(Faculty of Computer and Information Science, University of Ljubljana, Slovenia)

New sensors and methods for recovering the 3D shape of cultural heritage can generate huge amounts of 3D data, mostly as clouds of 3D points covered by photographic texture.
Such data can partially replace classic forms of documentation in cultural heritage. But in this moment in time, 3D data demonstrates its usability primarily for presentation and visualisation of cultural heritage. This is a very important and worthy goal for promotion of cultural heritage first and foremost for the general public.
But how can all this digital heritage trend be used by professionals, such as archeologists and art historians, to facilitate their principal job of interpretation and understanding of cultural heritage?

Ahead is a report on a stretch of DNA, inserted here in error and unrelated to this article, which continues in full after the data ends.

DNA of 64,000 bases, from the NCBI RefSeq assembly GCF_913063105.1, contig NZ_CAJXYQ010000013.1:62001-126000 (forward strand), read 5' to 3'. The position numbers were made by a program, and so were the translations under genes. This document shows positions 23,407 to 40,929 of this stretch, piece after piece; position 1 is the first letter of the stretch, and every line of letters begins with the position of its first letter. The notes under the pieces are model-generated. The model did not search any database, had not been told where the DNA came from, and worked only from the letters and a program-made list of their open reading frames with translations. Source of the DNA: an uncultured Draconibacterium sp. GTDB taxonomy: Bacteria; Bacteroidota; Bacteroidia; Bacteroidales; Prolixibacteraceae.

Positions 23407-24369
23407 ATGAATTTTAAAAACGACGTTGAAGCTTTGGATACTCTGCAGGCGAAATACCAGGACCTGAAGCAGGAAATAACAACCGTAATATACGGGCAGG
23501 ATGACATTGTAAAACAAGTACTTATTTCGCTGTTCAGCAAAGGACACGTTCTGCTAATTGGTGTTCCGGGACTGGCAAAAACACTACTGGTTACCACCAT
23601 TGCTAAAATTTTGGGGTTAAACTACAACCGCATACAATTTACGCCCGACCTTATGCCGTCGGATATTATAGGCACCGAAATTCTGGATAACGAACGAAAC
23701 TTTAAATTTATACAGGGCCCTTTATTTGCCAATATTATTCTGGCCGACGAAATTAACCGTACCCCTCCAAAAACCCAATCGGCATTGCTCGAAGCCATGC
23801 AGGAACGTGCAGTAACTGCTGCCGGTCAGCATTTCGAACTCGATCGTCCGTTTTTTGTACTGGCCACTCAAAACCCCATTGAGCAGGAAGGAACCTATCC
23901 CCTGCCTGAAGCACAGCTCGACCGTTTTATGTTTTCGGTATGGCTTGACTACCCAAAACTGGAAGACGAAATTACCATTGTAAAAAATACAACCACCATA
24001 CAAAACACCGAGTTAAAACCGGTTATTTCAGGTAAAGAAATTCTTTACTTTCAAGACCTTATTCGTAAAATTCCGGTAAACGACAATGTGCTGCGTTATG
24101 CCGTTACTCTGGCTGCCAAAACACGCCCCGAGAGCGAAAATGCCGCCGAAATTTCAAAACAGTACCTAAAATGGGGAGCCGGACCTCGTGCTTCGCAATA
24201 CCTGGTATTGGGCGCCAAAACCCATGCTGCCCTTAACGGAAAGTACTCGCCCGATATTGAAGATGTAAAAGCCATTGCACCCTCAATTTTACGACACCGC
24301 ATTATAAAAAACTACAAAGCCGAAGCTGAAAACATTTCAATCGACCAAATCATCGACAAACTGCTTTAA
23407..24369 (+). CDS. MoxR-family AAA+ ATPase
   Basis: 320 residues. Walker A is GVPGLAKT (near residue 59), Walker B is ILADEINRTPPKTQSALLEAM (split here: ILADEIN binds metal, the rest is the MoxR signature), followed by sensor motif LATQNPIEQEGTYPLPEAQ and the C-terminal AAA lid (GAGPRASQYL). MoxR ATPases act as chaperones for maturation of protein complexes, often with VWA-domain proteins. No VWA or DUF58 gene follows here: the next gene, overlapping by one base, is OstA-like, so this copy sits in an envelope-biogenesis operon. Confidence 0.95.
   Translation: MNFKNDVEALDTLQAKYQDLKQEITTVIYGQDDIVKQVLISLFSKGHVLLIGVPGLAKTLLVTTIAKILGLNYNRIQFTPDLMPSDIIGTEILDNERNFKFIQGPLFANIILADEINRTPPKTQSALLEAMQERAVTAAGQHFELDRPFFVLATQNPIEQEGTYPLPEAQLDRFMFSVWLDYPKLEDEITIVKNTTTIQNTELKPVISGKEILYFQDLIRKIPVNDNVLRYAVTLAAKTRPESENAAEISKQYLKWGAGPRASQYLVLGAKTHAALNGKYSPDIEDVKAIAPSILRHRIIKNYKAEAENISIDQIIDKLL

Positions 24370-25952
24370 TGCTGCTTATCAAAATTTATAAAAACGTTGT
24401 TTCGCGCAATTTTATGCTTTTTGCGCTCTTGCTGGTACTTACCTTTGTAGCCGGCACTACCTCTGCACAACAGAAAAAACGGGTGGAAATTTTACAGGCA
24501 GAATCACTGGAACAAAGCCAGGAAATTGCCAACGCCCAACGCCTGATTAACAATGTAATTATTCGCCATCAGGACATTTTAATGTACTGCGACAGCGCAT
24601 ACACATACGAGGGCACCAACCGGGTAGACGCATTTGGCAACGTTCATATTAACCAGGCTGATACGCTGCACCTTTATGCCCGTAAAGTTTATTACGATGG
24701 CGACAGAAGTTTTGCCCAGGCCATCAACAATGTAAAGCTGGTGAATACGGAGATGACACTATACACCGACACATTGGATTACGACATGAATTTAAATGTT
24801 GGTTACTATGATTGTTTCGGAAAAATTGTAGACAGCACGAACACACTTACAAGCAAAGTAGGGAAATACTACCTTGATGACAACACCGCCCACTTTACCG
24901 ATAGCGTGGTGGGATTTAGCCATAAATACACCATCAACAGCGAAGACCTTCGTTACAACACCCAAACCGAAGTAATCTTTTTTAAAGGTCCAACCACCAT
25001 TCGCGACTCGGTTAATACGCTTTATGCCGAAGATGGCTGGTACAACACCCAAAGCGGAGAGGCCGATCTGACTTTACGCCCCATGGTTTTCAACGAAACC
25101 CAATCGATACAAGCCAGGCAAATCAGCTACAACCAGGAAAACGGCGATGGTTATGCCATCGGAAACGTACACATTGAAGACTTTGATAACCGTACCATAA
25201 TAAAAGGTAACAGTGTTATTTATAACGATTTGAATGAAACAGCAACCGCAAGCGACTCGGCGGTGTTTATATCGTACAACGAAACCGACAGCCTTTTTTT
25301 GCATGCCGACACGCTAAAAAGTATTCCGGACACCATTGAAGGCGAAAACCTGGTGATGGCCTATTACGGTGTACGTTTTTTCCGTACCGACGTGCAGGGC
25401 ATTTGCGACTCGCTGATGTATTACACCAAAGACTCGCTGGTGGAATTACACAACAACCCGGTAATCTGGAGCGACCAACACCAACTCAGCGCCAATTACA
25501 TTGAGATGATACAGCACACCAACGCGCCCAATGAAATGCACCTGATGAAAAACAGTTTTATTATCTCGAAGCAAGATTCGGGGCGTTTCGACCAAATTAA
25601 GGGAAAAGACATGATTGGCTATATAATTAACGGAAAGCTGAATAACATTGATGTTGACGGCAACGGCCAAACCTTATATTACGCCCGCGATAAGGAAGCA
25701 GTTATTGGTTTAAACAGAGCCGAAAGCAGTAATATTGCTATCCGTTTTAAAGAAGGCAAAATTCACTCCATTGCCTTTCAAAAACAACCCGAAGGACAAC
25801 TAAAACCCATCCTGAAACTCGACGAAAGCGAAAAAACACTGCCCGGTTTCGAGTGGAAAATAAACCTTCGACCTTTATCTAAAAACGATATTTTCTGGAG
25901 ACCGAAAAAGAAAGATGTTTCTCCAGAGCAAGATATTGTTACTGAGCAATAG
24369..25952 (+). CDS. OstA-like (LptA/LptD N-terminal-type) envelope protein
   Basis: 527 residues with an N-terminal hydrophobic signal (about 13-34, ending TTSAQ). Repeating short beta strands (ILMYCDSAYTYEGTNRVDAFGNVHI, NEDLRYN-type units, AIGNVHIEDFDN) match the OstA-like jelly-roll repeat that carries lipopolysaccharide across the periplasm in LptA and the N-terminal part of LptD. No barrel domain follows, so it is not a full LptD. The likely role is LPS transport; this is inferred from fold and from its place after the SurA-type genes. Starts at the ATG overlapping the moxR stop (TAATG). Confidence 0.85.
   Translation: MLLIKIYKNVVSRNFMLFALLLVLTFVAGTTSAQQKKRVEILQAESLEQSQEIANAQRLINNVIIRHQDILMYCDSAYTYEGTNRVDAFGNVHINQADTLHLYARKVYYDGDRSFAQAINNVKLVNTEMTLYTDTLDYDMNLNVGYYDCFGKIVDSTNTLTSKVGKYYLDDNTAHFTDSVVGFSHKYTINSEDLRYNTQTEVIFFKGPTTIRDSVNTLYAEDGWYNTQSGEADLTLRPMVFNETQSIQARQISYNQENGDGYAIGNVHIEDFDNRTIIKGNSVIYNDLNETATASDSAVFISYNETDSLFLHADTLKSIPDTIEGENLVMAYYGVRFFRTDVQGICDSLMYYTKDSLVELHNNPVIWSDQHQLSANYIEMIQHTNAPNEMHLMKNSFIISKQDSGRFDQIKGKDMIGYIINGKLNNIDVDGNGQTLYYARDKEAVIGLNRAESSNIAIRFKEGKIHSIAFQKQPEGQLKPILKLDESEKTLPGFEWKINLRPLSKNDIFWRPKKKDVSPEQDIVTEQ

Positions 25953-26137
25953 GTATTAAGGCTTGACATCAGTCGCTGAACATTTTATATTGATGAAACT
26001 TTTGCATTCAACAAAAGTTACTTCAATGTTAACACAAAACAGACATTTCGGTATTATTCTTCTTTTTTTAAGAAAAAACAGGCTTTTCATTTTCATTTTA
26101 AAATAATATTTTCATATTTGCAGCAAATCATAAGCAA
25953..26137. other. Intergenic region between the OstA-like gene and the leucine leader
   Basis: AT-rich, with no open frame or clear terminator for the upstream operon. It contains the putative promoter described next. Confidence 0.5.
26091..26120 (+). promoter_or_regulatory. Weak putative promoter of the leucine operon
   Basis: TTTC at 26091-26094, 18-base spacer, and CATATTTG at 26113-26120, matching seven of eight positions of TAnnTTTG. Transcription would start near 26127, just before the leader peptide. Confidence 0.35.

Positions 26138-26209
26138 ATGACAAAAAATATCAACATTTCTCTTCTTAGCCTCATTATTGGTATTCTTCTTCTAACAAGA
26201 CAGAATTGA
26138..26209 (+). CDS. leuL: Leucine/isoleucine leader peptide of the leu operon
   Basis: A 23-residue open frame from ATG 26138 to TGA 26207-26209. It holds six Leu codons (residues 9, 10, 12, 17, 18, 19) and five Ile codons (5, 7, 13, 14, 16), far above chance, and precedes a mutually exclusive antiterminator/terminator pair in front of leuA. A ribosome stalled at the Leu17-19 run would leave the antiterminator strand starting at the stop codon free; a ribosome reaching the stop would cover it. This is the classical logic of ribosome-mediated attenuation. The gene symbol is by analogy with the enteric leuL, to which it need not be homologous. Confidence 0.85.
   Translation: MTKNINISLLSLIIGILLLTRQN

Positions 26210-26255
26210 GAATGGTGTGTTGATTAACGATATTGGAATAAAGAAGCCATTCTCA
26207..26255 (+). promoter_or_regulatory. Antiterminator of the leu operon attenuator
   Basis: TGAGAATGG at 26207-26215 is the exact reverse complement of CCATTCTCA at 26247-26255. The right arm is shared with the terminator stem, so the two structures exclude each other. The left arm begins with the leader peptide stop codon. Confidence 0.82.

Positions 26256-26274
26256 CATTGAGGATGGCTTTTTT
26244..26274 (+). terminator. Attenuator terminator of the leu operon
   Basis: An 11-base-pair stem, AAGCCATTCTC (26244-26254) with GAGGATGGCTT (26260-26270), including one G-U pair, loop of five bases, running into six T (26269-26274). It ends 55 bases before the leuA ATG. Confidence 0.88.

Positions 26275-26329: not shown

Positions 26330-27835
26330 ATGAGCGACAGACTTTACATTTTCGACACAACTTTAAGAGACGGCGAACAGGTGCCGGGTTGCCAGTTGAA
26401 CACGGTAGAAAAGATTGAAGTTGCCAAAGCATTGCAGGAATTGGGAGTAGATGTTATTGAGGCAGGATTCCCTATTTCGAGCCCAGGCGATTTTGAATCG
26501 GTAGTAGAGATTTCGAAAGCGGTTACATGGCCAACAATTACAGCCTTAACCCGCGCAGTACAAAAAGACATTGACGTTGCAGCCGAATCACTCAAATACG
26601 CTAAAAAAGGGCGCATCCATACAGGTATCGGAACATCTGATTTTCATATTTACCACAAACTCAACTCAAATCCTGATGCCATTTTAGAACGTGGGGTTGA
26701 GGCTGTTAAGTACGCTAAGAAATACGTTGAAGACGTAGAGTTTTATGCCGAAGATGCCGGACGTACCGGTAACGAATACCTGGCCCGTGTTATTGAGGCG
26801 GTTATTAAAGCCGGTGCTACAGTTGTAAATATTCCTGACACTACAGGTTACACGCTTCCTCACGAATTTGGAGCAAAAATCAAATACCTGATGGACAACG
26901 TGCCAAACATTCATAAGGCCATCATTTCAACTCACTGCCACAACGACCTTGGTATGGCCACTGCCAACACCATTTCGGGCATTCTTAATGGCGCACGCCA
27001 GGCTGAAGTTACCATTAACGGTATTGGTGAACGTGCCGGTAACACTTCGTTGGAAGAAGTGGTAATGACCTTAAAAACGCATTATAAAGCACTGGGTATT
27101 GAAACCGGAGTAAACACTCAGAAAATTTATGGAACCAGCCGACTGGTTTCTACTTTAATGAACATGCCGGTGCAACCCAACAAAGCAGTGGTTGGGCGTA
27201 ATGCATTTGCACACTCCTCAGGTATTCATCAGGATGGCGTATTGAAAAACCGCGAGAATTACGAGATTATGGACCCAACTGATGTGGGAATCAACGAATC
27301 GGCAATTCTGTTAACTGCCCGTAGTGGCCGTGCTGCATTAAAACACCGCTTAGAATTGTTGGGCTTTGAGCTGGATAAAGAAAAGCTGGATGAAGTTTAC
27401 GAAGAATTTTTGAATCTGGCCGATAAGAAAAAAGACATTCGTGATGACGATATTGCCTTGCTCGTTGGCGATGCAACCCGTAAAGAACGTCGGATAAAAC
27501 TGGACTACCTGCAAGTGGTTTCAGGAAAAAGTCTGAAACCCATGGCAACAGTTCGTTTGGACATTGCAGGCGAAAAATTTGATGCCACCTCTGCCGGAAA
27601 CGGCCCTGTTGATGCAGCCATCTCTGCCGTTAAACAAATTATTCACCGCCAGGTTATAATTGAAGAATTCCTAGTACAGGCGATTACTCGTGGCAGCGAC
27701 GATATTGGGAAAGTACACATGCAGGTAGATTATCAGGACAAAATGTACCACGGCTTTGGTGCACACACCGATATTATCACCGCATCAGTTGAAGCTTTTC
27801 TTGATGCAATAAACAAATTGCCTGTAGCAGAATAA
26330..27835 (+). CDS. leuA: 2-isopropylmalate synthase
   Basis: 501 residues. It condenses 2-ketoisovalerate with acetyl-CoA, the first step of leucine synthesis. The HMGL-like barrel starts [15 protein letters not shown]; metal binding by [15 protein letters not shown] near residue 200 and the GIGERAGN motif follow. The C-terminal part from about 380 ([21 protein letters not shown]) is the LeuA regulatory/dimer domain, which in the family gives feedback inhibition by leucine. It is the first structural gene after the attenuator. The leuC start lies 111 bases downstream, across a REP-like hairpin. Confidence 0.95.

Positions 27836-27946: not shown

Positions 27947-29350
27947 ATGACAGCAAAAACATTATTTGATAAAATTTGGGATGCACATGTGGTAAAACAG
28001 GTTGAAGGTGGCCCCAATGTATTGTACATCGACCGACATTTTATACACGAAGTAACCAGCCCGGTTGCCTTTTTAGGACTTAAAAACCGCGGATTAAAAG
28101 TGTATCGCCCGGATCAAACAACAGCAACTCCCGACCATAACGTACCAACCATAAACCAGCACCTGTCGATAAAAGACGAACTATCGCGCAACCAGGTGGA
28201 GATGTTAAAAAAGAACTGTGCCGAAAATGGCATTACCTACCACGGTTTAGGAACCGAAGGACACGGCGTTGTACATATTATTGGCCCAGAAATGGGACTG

Computer vision, as a part of artificial intelligence, offers many useful tools and methods for analysis of visual information. In my presentation I will illustrate how some of those tools can help in the analysis of cultural artefacts in the context of underwater archeology and preservation of water-logged wood. At the end I would like to foresee what will be the challenges when the cultural heritage domain fully enters the big data era.